From the brand name to its distribution strategy to its caffeine content, everything about Blackeye Roasting Co.’s approach to cold brew coffee is on the slightly aggressive side.
The Saint Paul, Minn.-based company, founded in 2014 by Matt McGinn, has found a receptive audience in the Midwest for its line of shelf-stable regular and nitro-infused canned cold brew coffee, which are sold at over 1,000 locations, including retailers like Whole Foods and Hy-Vee. But as the company looks to use its new 28,000 sq. ft. production facility as a springboard for further retail expansion and product innovation, Blackeye is aiming to take on the likes of Starbucks and Monster Energy inside convenience store coolers.
“We are branded more like an energy drink than a coffee,” McGinn told BevNET, noting the potent caffeine content in both its regular (200mg) and nitro (260mg) SKUs. “We are going after rural market, high-chain convenience stores. We are getting placements in some large supermarket chains across the country as well, but our primary focus is getting placed right next to Starbucks in the cooler, letting them teach the world what cold brew is and then have us next to them in our sleek 12 oz. can.”
The key to this positioning is creating preservative-free, shelf-stable products that do not require expensive cold chain distribution, a strategy that brands like High Brew and La Colombe have pursued in recent years. Blackeye’s 12 oz. cold brew cans have a 16-month shelf life, which has enabled the brand to partner with beer distributors — which might otherwise decline to distribute perishable non-alcoholic beverages — subsequently opening the door to placements in gas stations, convenience stores and a broader range of retail locations. The brand’s products are currently distributed through the Anheuser-Busch network in both Wisconsin and Minnesota.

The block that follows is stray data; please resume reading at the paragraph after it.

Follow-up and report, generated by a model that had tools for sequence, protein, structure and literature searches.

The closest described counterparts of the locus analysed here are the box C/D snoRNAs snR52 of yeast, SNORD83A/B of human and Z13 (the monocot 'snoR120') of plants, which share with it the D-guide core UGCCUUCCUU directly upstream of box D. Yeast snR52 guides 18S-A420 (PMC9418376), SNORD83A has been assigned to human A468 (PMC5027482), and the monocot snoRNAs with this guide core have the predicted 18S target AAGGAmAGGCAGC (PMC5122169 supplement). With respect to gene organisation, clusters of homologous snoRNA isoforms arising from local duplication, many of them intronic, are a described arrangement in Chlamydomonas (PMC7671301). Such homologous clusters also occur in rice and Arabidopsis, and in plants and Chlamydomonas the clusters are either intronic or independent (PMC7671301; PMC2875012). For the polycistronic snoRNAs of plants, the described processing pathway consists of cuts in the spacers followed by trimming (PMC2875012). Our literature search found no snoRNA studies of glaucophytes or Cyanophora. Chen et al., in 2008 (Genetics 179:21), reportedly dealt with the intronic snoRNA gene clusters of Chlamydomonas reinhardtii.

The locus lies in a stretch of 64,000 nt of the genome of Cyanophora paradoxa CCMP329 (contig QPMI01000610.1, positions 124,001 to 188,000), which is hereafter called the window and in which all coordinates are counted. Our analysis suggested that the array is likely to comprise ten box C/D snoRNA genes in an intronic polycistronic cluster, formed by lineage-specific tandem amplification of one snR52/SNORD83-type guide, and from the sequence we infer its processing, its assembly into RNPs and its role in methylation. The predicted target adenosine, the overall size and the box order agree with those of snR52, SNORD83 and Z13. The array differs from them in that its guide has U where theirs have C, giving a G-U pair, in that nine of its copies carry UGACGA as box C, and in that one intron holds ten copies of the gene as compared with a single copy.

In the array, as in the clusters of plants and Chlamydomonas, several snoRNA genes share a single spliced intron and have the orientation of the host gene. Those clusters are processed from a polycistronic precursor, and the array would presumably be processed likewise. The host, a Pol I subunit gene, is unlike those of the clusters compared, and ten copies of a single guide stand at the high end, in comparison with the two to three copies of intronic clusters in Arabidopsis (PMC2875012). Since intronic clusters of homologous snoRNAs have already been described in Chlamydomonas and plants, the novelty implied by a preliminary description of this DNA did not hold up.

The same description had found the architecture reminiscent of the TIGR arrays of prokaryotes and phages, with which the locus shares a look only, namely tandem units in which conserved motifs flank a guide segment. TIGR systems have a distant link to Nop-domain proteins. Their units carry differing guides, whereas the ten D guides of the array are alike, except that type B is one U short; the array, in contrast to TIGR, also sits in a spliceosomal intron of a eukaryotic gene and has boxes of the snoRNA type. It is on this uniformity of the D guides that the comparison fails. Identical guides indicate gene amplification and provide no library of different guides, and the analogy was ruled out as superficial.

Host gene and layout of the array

“The way we are making our brews basically allows us to distribute with anyone in the country,” he said. Having established a foothold in the Midwest, the brand will expand to Missouri, Texas, Kansas, Ohio and Pennsylvania in the coming months, with the goal of being in 25 states by next year. He continued: “The difference between us and any other company that does cold brew is that they might get into the local co-op or Whole Foods, but they are never going to get into the gas stations. Our model was always direct store delivery (DSD) distribution with a shelf-stable product that can compete with energy drinks.”
Blackeye’s new $2 million production facility is a critical component of its expansion strategy. McGinn said the plant will output between 100,000 to 200,000 gallons of cold brew each month, and has enough room to potentially double or triple that capacity in the future. Moreover, the facility will enable the company to produce coffee concentrates, explore further innovations, and provide unique co-packing and product development services.